“The most valuable advice I received from MGH that helped me to stay in college and graduate was, ‘Never be afraid to ask for help.’ For four years, I was surrounded by great people – my parents, advisors on campus, the MGH Youth Programs staff – who all were ready to listen whenever I was unsure of myself and my ability.” — Stephanie Urvaez Mejia, Bicentennial Scholar and 2016 college graduate

Thirteen members of the inaugural class of Bicentennial Scholars graduated from college. Created by MGH President Peter L. Slavin, MD, and the MGH Board of Trustees in 2011, the initiative aims to support college completion for youth interested in health and science careers. The students – from Boston, Chelsea and Revere, most of whom were the first in their families to attend college – received up to $5,000 in annual scholarships, as well as support in the form of SAT prep courses, college visits and summer internships.

The first MGH chair to advance the field of nursing was established, with Jeanette Ives Erickson, RN, DNP, senior vice president for Patient Care Services and chief nurse, honored as the inaugural incumbent. The Paul M. Erickson Endowed Chair in Nursing was created in memory and in tribute to Ives Erickson’s late husband – an avid volunteer at the MGH and champion of nursing.

The MGH Center for Disaster Medicine hosted Biothreat Care Unit Planning and Training exercises, as part of the federal government’s Ebola Preparedness Grant oversight efforts. The MGH is one of nine designated centers in the nation for treating Ebola. As part of the training, staff outlined a number of potential scenarios that could occur when encountering a patient confirmed with the Ebola virus disease, reviewed processes to ensure proper procedures were followed and studied how they could be improved.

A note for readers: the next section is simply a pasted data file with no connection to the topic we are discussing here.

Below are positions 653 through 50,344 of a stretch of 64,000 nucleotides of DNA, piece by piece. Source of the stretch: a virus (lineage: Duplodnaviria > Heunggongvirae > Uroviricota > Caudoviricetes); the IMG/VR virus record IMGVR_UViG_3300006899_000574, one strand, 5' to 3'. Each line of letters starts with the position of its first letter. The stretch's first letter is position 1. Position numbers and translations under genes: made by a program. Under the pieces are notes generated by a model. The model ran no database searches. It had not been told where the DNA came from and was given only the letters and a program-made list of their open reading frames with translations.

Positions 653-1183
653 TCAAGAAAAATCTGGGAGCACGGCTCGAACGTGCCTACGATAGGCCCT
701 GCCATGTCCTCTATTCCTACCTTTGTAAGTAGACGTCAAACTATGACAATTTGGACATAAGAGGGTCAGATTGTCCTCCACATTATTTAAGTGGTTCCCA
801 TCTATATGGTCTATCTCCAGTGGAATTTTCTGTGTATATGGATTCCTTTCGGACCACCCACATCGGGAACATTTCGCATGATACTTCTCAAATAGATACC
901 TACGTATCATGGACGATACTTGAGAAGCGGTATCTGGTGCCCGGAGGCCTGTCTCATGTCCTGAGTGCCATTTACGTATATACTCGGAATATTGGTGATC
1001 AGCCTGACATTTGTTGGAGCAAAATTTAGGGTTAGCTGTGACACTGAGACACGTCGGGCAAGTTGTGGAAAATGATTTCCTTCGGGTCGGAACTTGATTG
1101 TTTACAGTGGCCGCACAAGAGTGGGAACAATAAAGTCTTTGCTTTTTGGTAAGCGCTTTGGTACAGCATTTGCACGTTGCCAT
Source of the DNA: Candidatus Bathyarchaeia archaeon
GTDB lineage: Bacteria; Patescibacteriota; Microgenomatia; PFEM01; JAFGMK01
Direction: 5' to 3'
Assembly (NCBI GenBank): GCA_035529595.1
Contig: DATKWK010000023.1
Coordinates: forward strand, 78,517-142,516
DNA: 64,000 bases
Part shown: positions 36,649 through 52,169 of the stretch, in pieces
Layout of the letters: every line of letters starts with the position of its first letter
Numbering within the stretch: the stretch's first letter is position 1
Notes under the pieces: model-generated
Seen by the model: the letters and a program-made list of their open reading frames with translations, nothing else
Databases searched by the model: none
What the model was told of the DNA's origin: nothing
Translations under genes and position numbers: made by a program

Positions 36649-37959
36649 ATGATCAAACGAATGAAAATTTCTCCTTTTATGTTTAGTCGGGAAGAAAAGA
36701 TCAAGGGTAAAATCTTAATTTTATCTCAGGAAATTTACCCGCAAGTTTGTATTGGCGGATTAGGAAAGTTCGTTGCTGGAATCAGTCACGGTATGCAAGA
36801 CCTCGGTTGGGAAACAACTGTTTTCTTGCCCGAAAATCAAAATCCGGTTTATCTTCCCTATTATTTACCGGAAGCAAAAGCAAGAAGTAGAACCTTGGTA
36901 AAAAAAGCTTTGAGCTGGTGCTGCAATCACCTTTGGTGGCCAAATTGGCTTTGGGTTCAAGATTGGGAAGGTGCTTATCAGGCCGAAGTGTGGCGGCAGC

When Anelsa Beqo participated in the MGH’s annual Job Shadow Day in 2010 – working alongside Firdosh Pathan, RPh, on his rounds – she realized the impact he was making was one she wanted to mirror in her work. Beqo is completing her final year at Massachusetts College of Pharmacy and Health Sciences, and recently rotated through the MGH Cardiology Division where she reconnected with Pathan. 


“Community health is in the DNA of Mass General. We were founded more than 200 years ago to care for the sick poor. Today we carry out that commitment with community partners to address social and economic determinants of health.” — Peter L. Slavin, MD, MGH president

The MGH received the Foster G. McGaw Prize for Excellence in Community Service, one of the most prestigious community service honors in health care. The MGH was honored for its longstanding commitment to addressing issues such as the obesity epidemic and opioid crisis, and its dedication to reducing barriers to health care, providing youth with health and science opportunities, and reducing social and economic barriers to care for vulnerable patients.

An MGH/MGPO Opioid Task Force was formed to better respond to the state’s opioid epidemic and improve patient care. The group – made up of clinicians and nonclinicians from a number of departments – created a set of institutional best practice guidelines focused on the safe and thoughtful prescribing of opioids in the setting of acute pain, and for medications issued to patients with chronic pain.

Hurricane Matthew devastated areas of the Caribbean and southern United States. MGHers were deployed to Haiti with the International Medical Corps and Project Hope, and in the U.S. as part of the federal Disaster Medical Assistance Team for Massachusetts. In continued response, numerous departments teamed up with Buildings and Grounds to host supply drives for basic necessities that were shipped to The Aquin Hospital in Haiti.

Bethany Groleau, RN, of Lunder 9, was the first MGH nurse to receive the Global Nursing Fellowship, and traveled to Uganda to teach a group of six nurses basic oncology nursing skills and practices, and safe chemotherapy administration. The fellowship sponsors nurses to serve in low-resource settings to promote professional nursing through education and clinical practice.